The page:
Live Right Live Well: Rejuvenation
Is Insecurity Harming Your Health?
By Winnie Yu for Live Right Live Well
Anxious about your marriage? Nervous that your friends don’t really like you? Relationship insecurity does more than sabotage your emotional well-being: A new study conducted at Acadia University in Wolfville, Nova Scotia, shows it can increase your risk for heart disease, chronic pain, stroke, ulcers and other health problems.
“Feeling secure and satisfied [in your relationships] reduces stress, increases [your] ability to ask for help and seek help when needed -- such as getting regular doctor checkups -- and tends to influence healthier activities, such as exercising, losing weight, and not engaging in self-destructive habits, such as smoking and drinking to excess,” says Terry Orbuch, a doctor of psychology and author of 5 Steps to Take Your Marriage from Good to Great. “When you are in a secure and happy relationship, the whole world looks more positive, and you feel more confident. Optimism motivates you to take better care of yourself.”
To shake off relationship insecurity and build strong, secure ties that bolster your emotional and physical well-being, focus on the following:
1. Invest time and energy in your relationships.
Remember to verbalize openly to your partner and friends what you like and admire about them. Take time to sit down and really listen. Ask questions about their lives and help them celebrate their successes without envy. “Research shows that the most essential quality of a good friend is that when you share good news, a friend is happy for you,” Orbuch says. In other words, be a good friend and you’re more likely to have good friends.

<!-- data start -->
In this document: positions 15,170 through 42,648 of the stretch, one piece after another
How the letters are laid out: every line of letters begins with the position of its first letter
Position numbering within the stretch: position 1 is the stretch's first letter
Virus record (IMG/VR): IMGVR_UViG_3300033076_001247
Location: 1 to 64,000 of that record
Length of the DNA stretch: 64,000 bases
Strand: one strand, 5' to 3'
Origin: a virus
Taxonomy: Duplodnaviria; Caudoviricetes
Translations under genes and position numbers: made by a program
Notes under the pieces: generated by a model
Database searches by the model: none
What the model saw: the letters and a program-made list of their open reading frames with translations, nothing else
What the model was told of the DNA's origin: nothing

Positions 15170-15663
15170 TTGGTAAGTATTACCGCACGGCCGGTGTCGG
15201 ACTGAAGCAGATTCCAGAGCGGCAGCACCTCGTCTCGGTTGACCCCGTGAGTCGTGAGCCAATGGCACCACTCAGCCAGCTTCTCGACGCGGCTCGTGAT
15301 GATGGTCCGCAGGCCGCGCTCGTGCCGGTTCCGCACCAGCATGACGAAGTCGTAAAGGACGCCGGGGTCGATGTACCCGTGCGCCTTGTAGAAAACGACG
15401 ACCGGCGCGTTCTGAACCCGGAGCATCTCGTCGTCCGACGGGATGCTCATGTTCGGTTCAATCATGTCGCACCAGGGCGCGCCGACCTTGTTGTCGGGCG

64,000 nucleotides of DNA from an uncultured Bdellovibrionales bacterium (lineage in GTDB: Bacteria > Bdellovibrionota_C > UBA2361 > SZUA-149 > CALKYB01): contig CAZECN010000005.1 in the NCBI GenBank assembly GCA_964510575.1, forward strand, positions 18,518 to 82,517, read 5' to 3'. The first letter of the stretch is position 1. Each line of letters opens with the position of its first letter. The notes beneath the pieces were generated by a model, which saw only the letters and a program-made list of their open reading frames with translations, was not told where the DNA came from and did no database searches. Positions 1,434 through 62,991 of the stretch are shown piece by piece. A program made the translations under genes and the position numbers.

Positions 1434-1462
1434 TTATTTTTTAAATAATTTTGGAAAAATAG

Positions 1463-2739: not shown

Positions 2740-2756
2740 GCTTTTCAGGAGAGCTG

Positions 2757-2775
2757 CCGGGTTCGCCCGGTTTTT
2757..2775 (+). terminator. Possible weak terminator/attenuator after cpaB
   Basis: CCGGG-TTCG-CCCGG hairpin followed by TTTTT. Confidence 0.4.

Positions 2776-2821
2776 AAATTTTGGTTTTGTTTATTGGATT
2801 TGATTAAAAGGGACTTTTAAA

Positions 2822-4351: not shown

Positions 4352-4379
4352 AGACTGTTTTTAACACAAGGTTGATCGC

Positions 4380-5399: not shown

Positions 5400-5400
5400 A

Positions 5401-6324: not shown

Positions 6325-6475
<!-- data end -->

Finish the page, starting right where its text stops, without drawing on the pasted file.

2. Identify moments of insecurity.
If you feel insecure whenever your partner goes away, for instance, learn to recognize that separation as a difficult and irrational time, says Elaine Aron, a doctor of psychology, researcher at the State University of New York at Stony Brook and author of The Undervalued Self. Identifying moments of insecurity helps put them into perspective and gives you something concrete to work on, which makes them easier to manage.
3. Name your “insecure self.”
Label bouts of relationship insecurity with a name, such as “My When-You’re-Away Self,” or “Bobby, the Abandoned Boy.” “Doing that separates your insecurity from yourself and makes you less embarrassed so that you can talk about it,” Aron says. It’s also a chance to inject some humor into the situation, which will help erase the shame that comes with feeling worthless and unlovable.
4. Talk it out.
Feel a bit jealous when your friend says she’s been spending more time with other friends? Try telling her about those feelings and asking her to help you out. Maybe all you need is a word of reassurance from her. "No one is secure 100 percent of the time,” Aron says. An open dialogue can give you both concrete strategies for dealing with difficult emotions.
5. Consult a professional.
Still having trouble forming close bonds with others? A therapist who specializes in attachment issues can help you work through it. Be sure to find someone you like and feel comfortable with. The investment will be worth it, benefiting both your mind and body.
Winnie Yu frequently writes about health and nutrition for Live Right Live Well. Her articles have appeared in Prevention, VIVMag, AARP Bulletin, Diabetic Living and on NYTimes.com. She is the author of What to Eat for What Ails You and the American Academy of Pediatrics' New Mother's Guide to Breastfeeding.
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